“I come from a rural area in Mexico called Villanueva,” Ortega said. “We didn’t have many job opportunities over there. There weren’t many factories around there, either. It was mostly farming. Working conditions in Mexico is just doing what you can, and many just survive.”
He said that the bigger cities are more industrialized and have more jobs, but even those jobs do not pay very well. According to World Bank data from 2010, 60 percent of Mexicans living in rural areas were below the poverty line, though it is not much different in the urban areas and is even worse for the indigenous population in Mexico.
Ortega, 42, first set out to obtain his citizenship in 1994 and from then on, he had to play the waiting game.
“They go case by case. It is not ‘one size fits all.’ It’s not a quick and easy process, but it’s not a complicated process. You just have to follow some steps. It's one of those things where you have to file some forms and just wait and see if they get back to you. You may wait a couple years,” Ortega said.
For many immigrants who set out to obtain U.S. citizenship, it is typically a long process Ortega recalled that most of the immigration process involved filling out forms and waiting on the government to get back to him, which required patience.
“The process of getting citizenship first starts by someone in the states vouching for you. They use a different word for it though. But after my father filled out a petition for me, we just had to wait and be patient,” Ortega said.
When Ortega was young, his mother died in Mexico. He decided that it would be best for him to stay with his father and his brother in Chicago. Besides his family members in Chicago, Ortega did not know anybody in the U.S.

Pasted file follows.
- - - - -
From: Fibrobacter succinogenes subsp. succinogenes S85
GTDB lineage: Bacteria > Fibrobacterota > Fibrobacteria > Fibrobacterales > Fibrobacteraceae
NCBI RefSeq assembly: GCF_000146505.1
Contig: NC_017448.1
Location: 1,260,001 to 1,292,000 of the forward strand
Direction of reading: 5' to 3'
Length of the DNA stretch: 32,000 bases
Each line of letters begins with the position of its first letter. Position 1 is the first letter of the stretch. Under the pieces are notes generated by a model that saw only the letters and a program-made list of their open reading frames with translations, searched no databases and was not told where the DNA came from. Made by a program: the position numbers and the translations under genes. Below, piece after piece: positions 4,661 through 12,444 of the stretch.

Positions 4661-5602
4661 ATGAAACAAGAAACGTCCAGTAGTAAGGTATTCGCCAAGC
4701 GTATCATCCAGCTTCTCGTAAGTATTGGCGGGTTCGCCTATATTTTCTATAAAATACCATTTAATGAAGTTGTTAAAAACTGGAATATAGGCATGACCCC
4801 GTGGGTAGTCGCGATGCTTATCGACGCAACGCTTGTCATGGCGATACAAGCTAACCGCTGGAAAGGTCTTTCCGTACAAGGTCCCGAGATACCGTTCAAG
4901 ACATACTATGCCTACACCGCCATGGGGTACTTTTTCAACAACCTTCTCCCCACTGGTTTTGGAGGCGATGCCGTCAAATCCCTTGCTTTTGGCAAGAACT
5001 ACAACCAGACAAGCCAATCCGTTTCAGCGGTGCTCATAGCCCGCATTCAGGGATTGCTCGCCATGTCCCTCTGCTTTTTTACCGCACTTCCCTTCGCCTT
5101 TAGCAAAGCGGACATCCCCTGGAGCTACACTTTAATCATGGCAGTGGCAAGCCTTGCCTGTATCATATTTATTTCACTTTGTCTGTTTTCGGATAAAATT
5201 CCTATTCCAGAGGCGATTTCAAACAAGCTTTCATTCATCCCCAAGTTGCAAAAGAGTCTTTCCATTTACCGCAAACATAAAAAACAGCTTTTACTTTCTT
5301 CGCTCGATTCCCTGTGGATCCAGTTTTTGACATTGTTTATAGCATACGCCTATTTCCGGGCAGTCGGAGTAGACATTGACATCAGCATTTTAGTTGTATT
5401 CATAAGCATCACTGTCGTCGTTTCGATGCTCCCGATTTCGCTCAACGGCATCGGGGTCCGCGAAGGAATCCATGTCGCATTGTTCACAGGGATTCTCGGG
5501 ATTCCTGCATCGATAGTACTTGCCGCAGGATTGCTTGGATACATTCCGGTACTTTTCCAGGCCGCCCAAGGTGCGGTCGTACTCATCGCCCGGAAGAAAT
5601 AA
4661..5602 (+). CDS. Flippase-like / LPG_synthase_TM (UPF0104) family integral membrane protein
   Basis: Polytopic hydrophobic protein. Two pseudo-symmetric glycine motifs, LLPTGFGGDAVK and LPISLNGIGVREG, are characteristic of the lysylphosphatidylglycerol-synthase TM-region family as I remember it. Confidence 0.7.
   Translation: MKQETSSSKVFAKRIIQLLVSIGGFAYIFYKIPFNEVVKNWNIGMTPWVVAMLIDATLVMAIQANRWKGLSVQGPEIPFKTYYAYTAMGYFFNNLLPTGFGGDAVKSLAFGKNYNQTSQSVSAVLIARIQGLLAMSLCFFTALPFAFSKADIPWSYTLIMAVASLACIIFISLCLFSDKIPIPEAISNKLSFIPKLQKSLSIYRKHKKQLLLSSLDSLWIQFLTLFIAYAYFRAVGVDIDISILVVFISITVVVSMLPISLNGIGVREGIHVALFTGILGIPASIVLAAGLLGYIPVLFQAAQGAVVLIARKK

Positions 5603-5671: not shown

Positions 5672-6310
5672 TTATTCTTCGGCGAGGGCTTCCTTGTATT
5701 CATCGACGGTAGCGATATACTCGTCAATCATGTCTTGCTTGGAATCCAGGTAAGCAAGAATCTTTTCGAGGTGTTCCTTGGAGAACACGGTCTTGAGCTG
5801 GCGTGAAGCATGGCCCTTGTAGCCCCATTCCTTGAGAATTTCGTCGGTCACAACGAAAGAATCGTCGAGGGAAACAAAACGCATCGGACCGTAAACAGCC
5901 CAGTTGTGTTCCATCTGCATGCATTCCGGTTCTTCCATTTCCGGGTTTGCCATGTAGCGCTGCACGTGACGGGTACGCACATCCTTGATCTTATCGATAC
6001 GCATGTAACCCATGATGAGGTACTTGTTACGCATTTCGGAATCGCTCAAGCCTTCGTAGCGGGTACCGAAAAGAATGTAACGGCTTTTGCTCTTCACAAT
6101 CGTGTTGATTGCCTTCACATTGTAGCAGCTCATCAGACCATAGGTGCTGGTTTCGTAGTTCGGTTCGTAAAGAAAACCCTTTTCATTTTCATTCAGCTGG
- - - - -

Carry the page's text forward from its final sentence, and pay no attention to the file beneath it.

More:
“I didn’t know what to expect. It took me a couple years to adjust. It is intimidating at first, but I’ve been very fortunate to become friends with many locals since I have been here. We have a tight group. I tell them all the time that they are like my family here,” he said.
Ortega started working for SPC Manufacturing when he lived in Chicago, and has been with the company ever since. Several years later, he moved with the company to Johnson City, where he currently lives.
Kim Schneider, Ortega’s long-time friend and boss, says she has known Ortega for more than 20 years since he has been in the U.S.
“You have to remember that this country was founded by immigrants.”
- Cruz Ortega
“He started working full time with me since he finished high school, so we absolutely became friends. He is very kind and caring. He is an excellent employee and friend,” Schneider said.
“We’ve always had each other’s backs.”
Ortega recently had a welcoming party in Johnson City as one of the nation’s newest citizens. About 35 people showed up. It was a happy moment for him and a milestone in his life-- something that called for a party.
“You appreciate it a lot after waiting 14 years,” Ortega said. “It called for a celebration. I told everybody I’ve met here to come join me in this celebration. I cooked up some burgers and my friend who is a veteran had a toast for me, welcoming me.”